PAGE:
May 3, 2019

Senior Capstone Fair showcases WHS seniors’ career explorations

Courney Brown and Carly Witherow display their
Capstone Project focused on entrepreneurship
By Matt Pascarella

Seniors presented their Capstone projects during the Senior Capstone Fair at the Windham High School on Friday, April 25. The Capstone is a final project geared towards post-high school plans, whether that be college, career or otherwise.

“The goal of the Capstone projects is to provide students with an opportunity to demonstrate their mastery of 21st century skills,” explained Lanet Hane, Director of Community Connections for RSU 14. “It is a chance to explore an area of interest in an independent and hands-on manner and a final chance for seniors to demonstrate the ability to drive their own learning and build connections for the future.”

Members of the school, students and community members walked around to the various tables that featured the senior capstone projects. Seniors explained their projects and showcased their work through posters, handouts, videos and PowerPoint presentations.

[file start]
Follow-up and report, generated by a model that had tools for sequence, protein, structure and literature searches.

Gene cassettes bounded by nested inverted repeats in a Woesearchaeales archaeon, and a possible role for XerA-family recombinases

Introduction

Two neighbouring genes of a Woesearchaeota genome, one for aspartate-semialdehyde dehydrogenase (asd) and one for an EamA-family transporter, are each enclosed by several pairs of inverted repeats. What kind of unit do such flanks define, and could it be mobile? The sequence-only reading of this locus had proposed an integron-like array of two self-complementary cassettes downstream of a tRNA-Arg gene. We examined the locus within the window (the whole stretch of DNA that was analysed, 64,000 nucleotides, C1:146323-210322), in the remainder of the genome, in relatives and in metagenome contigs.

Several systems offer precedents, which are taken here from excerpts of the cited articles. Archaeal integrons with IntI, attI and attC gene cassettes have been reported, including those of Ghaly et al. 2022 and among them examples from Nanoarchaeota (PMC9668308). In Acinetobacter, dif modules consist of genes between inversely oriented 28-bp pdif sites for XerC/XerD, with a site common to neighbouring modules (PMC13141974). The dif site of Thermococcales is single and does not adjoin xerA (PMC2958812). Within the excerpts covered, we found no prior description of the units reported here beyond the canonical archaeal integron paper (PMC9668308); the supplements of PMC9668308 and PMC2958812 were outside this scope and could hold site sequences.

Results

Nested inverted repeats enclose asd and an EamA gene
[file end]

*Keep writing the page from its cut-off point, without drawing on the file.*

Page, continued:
Gabe Ransom worked with the operator at the Lewiston/Auburn water treatment facility and tested the water for dissolved oxygen and E. coli bacteria. Ransom chose this as his project due to his interest in the engineering field or field testing.

Stephen Sepulbeda recently started as a conductor for the Windham Chamber Singers. He learned more about conducting and how to improve his technique. Sepulbeda stated that he plans to be in a musical ensemble in college.

Carly Witherow chose Crossfit as her Capstone Project because her goal is to open her own gym that will include a nutrition center and a spin bar. She’ll be going to college for business, with the goal of opening her own business.

Courtney Brown picked New England Fitness and Athletics, a newly owned business in Windham. She’ll be attending college, obtaining a degree in business as well, but would like to focus her study in entrepreneurship.

In an article published in the November 9, 2018 edition of The Windham Eagle, written by Elizabeth Richards, Hane had stated that this kind of project for graduation credit is becoming more common, especially in Maine where there’s a push for students to think about their future, whether or not that includes college. The project is also meant to remind students that whatever career they want, there are local people who do it. 

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